A new painting by the Spanish artist Francisco Goya has been discovered underneath his portrait of Judge Don Ramón Satué at the Rijksmuseum in Amsterdam. The newly discovered portrait, thought to be of Joseph Bonaparte, may reveal more about Goya's supposed neutrality during the French occupation of Spain in 1808. The hidden painting was discovered using new x-ray technology developed by Joris Dik of Delft University and Koen Janssens of Antwerp University.
Curators at the museum were mindful of something underneath the portrait of Satué, a supreme court judge in Madrid at the time, but the image was indecipherable under the layers of paint. However, the new high-intensity x-ray technology made it possible to view the painting in precise detail for the first time. "It is exciting." Dik told The Guardian. The technology , which has previously been used to uncover a Van Gogh portrait of a peasant woman underneath his 1887 work, "Patch of Grass," is an incredible resource for the art world. Many painters throughout history have reused canvasses either to save money or to cover up a work which they were dissatisfied with, but in the case of Goya, political motivations are suspected to be the reason for the cover-up.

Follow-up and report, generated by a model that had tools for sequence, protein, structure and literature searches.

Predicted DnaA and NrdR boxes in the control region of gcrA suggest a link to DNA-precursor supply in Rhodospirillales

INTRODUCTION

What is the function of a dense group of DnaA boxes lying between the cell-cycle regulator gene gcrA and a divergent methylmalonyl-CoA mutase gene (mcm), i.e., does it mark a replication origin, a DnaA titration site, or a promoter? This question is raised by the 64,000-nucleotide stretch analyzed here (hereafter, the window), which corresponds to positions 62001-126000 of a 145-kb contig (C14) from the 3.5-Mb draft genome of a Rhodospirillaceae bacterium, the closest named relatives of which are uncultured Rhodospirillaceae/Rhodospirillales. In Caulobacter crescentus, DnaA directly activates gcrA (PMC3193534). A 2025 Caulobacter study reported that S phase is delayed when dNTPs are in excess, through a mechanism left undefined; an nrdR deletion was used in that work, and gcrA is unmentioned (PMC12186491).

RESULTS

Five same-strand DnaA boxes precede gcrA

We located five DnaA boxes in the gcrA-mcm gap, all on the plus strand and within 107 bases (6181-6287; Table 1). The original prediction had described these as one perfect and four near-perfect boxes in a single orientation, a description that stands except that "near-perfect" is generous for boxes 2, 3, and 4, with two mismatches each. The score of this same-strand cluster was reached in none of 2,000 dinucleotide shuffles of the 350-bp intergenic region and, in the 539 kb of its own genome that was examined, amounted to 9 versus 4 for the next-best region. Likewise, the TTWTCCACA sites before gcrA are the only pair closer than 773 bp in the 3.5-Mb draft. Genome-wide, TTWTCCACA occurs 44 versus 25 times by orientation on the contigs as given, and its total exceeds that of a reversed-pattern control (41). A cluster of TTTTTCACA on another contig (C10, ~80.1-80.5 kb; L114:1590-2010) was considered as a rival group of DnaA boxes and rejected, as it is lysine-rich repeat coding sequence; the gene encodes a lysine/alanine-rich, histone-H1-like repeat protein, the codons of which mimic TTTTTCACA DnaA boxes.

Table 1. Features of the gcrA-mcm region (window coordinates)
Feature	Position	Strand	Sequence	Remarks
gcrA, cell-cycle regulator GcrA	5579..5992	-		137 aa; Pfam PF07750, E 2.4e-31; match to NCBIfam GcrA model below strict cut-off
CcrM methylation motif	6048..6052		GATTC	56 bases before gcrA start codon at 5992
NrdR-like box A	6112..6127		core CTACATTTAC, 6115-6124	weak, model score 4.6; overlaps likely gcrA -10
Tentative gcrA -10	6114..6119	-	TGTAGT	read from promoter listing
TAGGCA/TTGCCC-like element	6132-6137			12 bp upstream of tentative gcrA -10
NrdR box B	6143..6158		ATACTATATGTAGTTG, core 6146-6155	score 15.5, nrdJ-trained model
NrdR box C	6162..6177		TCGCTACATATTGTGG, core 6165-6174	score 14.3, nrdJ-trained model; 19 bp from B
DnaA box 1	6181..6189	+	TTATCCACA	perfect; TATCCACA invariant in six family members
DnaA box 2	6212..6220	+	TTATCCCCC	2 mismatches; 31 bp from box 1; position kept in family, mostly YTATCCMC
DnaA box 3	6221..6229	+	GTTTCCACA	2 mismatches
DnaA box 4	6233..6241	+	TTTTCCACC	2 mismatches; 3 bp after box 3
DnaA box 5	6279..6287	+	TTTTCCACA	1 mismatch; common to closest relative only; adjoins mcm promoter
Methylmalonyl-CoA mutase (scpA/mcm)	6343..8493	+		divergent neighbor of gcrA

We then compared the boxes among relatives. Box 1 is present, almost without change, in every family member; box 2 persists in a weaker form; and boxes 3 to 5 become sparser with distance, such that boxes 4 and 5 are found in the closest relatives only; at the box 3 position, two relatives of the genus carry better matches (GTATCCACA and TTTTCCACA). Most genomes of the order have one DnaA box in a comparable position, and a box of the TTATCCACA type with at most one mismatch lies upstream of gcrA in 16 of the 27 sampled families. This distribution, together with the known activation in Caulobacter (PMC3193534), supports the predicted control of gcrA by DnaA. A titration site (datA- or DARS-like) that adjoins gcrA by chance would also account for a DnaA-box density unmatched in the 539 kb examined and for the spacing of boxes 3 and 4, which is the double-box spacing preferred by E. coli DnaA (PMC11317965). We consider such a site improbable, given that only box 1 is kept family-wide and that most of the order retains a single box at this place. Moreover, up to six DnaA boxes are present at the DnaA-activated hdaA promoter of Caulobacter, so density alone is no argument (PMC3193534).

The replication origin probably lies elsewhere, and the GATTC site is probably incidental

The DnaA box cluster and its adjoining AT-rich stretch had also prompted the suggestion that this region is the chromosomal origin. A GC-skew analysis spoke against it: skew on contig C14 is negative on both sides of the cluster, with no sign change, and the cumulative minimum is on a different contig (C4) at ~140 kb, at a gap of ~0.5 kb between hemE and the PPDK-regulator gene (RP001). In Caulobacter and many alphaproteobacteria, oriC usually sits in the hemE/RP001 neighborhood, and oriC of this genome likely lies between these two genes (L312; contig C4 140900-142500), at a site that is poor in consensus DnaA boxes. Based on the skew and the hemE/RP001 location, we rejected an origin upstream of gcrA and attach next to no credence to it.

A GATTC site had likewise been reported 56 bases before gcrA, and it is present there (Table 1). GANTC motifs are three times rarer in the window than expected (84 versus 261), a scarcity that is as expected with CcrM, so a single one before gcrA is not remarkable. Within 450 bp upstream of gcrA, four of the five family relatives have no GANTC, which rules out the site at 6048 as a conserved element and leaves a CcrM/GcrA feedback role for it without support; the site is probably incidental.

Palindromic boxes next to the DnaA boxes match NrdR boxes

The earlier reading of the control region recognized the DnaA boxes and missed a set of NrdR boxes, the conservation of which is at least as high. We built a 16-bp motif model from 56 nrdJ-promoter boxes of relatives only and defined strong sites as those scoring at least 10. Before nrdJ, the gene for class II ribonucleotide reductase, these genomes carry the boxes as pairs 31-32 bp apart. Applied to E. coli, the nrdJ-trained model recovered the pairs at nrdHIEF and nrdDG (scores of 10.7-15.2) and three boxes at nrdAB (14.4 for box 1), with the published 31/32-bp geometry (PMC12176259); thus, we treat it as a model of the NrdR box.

Medals worn by the subject can be linked to an order created by Napoleon's brother, Joseph Bonaparte, during his brief reign as king of Spain from 1808 to 1813. Though Goya documented the atrocities of the French occupation in his series of prints, 'The Disasters of War,' he was also known to have painted portraits of French patrons and sympathizers. However, Dik explains how the departure of the French rule in Spain would have been reason for Goya to cover up the image.
"Goya, we know, managed to survive both political situations – the transfer of Spain to the French and back to Spain … After 1820, [such a portrait] could have been dangerous. That's when we believe the portrait was overpainted with the figure we can see now, as that painting dates from 1823."